# What would happen to the Earth if Gravity disappeared?

This is a multi-tiered question. I have seen these larger questions before, but if I need to separate them out into their own questions let me know.

In my story I have a machine that can manipulate gravity, either increasing it or decreasing it. The how is not important, I want to know what would happen after it was turned on at different levels.

What would happen to the earth if a zero-g environment were created on the earth that is:

• 1 cubic foot
• 10 cubic feet
• 100 cubic feet
• 1 cubic mile
• 10 cubic miles
• 100 cubic miles
• Encompassing the entire surface of the earth and atmosphere, but not penetrating into the surface
• Encompassing the entire earth, from the top of the atmosphere right down to the core.

These events will be localized to the Earth, meaning that the Earths gravity still exists outside of the area of effect.

Area outside of the zero-g environment experience normal gravity, including directly above it. Time frame is indefinitely (or until the machine is turned off).

I assume that when you get into the larger areas that it will have extremely detrimental effects on the Earth, what would these be? On what kind of time scale would the atmosphere leave and make the planet uninhabitable? Would the planet break apart? Would it happen within minutes, hours, days, years?

• I do not think hard-science is appropriate for gravity negation, it's such a sci-fi/fantasy concept that there is no known mechanism or side-effects we can use to calculate the outcome. It would not be possible to provide empirical evidence or scientific paper citations. I'd recommend you use the science-based tag, so as to not dilute the purpose of the hard-science tag. Unless you'll accept answers of "it's not possible". Now, a question, if you use it on the surface, say for the one cubic foot volume, does the area above this volume experience gravity normally? – Samuel Jul 14 '15 at 21:47
• Ah, good to know, thank you. And yes to your question, if above the area then you experience normal gravity. – TaylorAllred Jul 14 '15 at 21:49
• Ok, so "encompassing the entire surface of the earth, but not penetrating into the surface" means from the surface and into space? Otherwise that is a surface and not a volume. Also what durations are you going to turn it on for? – Samuel Jul 14 '15 at 21:51
• I made some edits to clarify. On the encompassing the entire earth it includes the atmosphere. Timeframe is indefinitely, though I would like to know what would happen on a timeline, so a few minutes after it occurs, to several years after it occurs. – TaylorAllred Jul 14 '15 at 21:56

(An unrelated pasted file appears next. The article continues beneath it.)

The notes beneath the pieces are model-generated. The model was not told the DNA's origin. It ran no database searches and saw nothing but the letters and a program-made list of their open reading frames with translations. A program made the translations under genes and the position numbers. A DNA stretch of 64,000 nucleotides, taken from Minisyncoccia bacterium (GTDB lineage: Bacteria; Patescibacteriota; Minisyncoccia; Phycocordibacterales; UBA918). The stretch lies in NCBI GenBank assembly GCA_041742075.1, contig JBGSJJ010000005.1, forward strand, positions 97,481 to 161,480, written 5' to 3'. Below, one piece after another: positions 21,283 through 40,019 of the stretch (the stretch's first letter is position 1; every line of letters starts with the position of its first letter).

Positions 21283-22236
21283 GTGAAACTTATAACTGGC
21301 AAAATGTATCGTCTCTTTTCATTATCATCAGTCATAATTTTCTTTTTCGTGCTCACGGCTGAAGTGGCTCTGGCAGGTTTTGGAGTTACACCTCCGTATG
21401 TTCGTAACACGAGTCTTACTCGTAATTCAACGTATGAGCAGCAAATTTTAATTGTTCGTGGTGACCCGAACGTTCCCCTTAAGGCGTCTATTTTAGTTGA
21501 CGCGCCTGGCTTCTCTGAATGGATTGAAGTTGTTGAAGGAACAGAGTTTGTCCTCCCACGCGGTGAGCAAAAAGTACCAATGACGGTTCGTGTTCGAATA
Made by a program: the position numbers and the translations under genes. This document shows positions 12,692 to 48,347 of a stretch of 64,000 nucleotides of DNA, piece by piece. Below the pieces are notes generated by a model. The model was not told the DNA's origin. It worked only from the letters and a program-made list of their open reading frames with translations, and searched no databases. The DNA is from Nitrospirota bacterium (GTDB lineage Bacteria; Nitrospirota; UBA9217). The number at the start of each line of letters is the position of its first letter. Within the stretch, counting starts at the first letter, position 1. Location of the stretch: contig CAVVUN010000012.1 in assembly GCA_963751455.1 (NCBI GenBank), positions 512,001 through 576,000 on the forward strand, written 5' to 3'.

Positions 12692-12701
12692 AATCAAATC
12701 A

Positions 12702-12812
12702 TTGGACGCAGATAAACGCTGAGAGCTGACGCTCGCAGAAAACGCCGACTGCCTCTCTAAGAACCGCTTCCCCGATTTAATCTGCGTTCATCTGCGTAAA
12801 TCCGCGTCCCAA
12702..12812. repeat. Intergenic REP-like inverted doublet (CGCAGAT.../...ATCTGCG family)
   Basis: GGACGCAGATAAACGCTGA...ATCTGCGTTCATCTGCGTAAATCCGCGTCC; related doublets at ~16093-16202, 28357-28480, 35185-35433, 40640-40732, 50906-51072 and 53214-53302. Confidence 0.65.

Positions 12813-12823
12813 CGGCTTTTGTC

I'm assuming all but the final two situations are with the effect epicenter on the surface of the Earth in an open area.

1 cubic foot, 10 cubic feet, 100 cubic feet

Gravity is gone inside a relatively small area. The air pressure inside the volume might be a little wonky, causing a perpetual updraft. The air at the edges of the volume, especially the bottom, would be under more pressure than the air just inside and it would pour in and flow upward to the slightly lower pressure air on top.

1 cubic mile

The ground half a mile down is under a fair amount of pressure from the ground above it (about 200 atmospheres). As the device turns on the pressure is immediately relieved and the ground will pop up rather violently. There is no gravity to stop the upward motion and the ground will reach the top of the volume and then oscillate at the edge. Moving past the edge and falling down to collide with ground moving upward. Eventually any floating ground material will pile up at the edges outside the volume of effect. This would be a great way to do some strip mining.

10 cubic miles

At 1.3 miles down the ground has 645 atmospheres of pressure from the ground above it. When the device is enable this pressure is immediately released and the ground violently explodes upward, likely killing anyone on the surface. The ground will rapidly reach the upper edge of the volume and be flung in all directions. Air rushes into the sides of the volume and blows out the top into the low pressure atmosphere above. The heavier than air materials will eventually settle around the edges of the volume.

100 cubic miles

Similarly to the 10 cubic mile case, except the pressure released is over 1,400 atmospheres at 2.98 miles down. The explosion is more violent and spreads material even further away. The volume cycles huge amounts of air through it and significantly disrupts the local weather.

encompassing the entire surface of the earth and atmosphere, but not penetrating into the surface